1. It’s ok to have a crush on a boy’s hair
2. Playing Atari and Indiana Jones is cool, but if I like him I need to say it before he falls for a girly girl
3. If he’s annoying, it means grandma was right. She says if a boy is mean it’s a sign that he likes you
1. There’s an element to bad boys that is intriguing. Run. Run for your life, Shonte!
2. Accidentally sitting in cherry pie at lunch makes you the joke of every guy in your math class, especially when you have to get up and go to the chalkboard to solve an equation
3. When * handed me that letter, the one where he wrote the lyrics to LL Cool J’s I Need Love, I should have been real and kind and open instead of cruel
1. If I like him, I better say it before discovering an x-rated letter in his gym bag from my female nemesis
2. Listening to his problems every afternoon is cool, but I’ve possibly reached a level of ambiguity, the unfortunate one-of-the-guys/non-descript zone
3. If he opens my maxi pads and sticks them everywhere, it means he likes me
1. Tell the guy I love him before I pull up for evening classes and find some other chic in his face
2. It’s ok to fall in love. Maybe. Kind of. It just is.
3. When he discovers that he loves me too, don’t ruin it by slapping him in front of the rest of the football team
1. Tell him I like him before he proposes to someone and I find myself folding wedding invitations (literally)
2. It isn’t ok to continuously run from relationships because of fear and pride
3. If they’re open and vulnerable enough to express themselves, be vulnerable in return
1. It’s ok to drop the bravado
2. Marriage wasn’t so bad, and having kids isn’t so scary
3. Love hurts, again and again
I still have a crush on *’s hair
Decades later, I apologized to the guy who wrote the I Need Love letter
Sometimes I still want to slap the college guy, but it’s all love. Always
Initially, there’s this raw space. We may wonder how it got there, or more importantly, why it’s there. Perhaps we conditioned ourselves early in life to bandage wounds and carry on, so we slap a Band-Aid on it until it festers, not realizing that giving it time to breathe is better than covering it over.
Then, somewhere during the process, a scab forms. There’s this protective layer now, and we go about our daily routines as we did before. That is until we accidentally bump that spot, exposing it again. Maybe we overestimated ourselves, or maybe we were just trying to…forget. In any event, there it is. And yes, it still hurts.
An undetermined amount of time passes, and we notice the scab is now a smooth scar. We run our fingers over it, remembering that unsightly place. But we can do it now, we can run our hand across that area. It reminds us that grief cut us open. Yet, we survived.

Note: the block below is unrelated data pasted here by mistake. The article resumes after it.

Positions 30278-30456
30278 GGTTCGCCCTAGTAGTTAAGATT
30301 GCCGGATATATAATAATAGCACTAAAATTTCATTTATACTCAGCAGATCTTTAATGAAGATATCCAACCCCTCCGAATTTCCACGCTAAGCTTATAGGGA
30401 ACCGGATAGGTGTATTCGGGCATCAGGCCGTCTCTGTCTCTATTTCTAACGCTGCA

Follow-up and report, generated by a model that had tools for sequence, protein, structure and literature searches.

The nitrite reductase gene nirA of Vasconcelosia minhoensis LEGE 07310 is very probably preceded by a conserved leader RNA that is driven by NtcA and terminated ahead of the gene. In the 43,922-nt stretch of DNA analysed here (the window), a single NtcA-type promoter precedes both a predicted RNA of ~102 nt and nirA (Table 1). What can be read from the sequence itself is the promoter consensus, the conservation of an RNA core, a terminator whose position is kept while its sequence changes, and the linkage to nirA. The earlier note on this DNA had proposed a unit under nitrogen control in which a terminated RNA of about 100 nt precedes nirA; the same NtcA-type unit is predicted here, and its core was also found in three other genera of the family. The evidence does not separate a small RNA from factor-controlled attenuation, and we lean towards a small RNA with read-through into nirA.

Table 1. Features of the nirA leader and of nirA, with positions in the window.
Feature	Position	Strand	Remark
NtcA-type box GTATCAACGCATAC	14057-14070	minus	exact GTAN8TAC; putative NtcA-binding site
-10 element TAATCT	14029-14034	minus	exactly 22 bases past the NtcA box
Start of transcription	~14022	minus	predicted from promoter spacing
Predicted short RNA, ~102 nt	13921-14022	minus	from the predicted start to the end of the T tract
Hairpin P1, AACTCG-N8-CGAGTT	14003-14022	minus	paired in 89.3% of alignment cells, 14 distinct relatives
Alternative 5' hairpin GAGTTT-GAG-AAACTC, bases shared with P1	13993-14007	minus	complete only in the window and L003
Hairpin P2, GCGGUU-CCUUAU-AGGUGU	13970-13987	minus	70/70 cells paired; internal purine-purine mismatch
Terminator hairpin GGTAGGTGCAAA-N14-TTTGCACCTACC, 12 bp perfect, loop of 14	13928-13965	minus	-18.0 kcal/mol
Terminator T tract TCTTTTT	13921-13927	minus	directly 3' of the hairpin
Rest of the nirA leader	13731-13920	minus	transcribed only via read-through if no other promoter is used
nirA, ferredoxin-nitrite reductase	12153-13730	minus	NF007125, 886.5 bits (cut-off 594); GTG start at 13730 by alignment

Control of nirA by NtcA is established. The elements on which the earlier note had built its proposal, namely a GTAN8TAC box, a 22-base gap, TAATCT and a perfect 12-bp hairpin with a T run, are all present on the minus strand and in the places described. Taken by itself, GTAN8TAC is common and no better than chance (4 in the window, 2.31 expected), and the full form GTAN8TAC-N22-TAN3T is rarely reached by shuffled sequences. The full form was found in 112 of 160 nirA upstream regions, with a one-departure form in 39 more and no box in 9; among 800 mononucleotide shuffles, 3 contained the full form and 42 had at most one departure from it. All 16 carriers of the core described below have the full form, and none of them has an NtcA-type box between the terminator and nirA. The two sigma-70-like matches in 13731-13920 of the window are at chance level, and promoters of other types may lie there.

I can only speak for my own experiences. Like most people, there have been more than a few negative events in my life, but I learned to just acknowledge them and allow myself to go through the process. This poem came from waiting on a sore to heal on my leg and then, at random (which tends to happen when I’m ready for my brain to SHUT DOWN), thinking how wounds are a lot like the process of grieving, or dealing with any life-changing event.
Without you, my days would consist of web surfing and naps
Too much quiet, too much time for melancholy
Miles would remind me I’m Kind of Blue
And I’d drink Merlot for breakfast
And lunch. And dinner
You’d ask if I’m falling apart;
I’d answer,The Merlot is gone
Too much time. Too much time without you
You ask if I’m falling apart. I think how empty life would be
Some people are Givers; some are Takers. Givers give. Takers take. To do the opposite of what you are takes learning to ignore your natural instincts.
You give because that is who you are. To ignore someone in need would cause you mental anguish, because you cannot imagine not giving. A Taker however never thinks to give, because it is not in their mental makeup. They suffer no such anguish, because they are too consumed with what they can get to concern themselves with what they can give.
Givers are often a good relationship match for Takers, but the same cannot be said in reverse. The duality of man requires the Giver to fulfill his need to take, however small it may be, in order for him to achieve satisfaction in a relationship. With a Taker, satisfaction can be difficult to achieve as very little is given.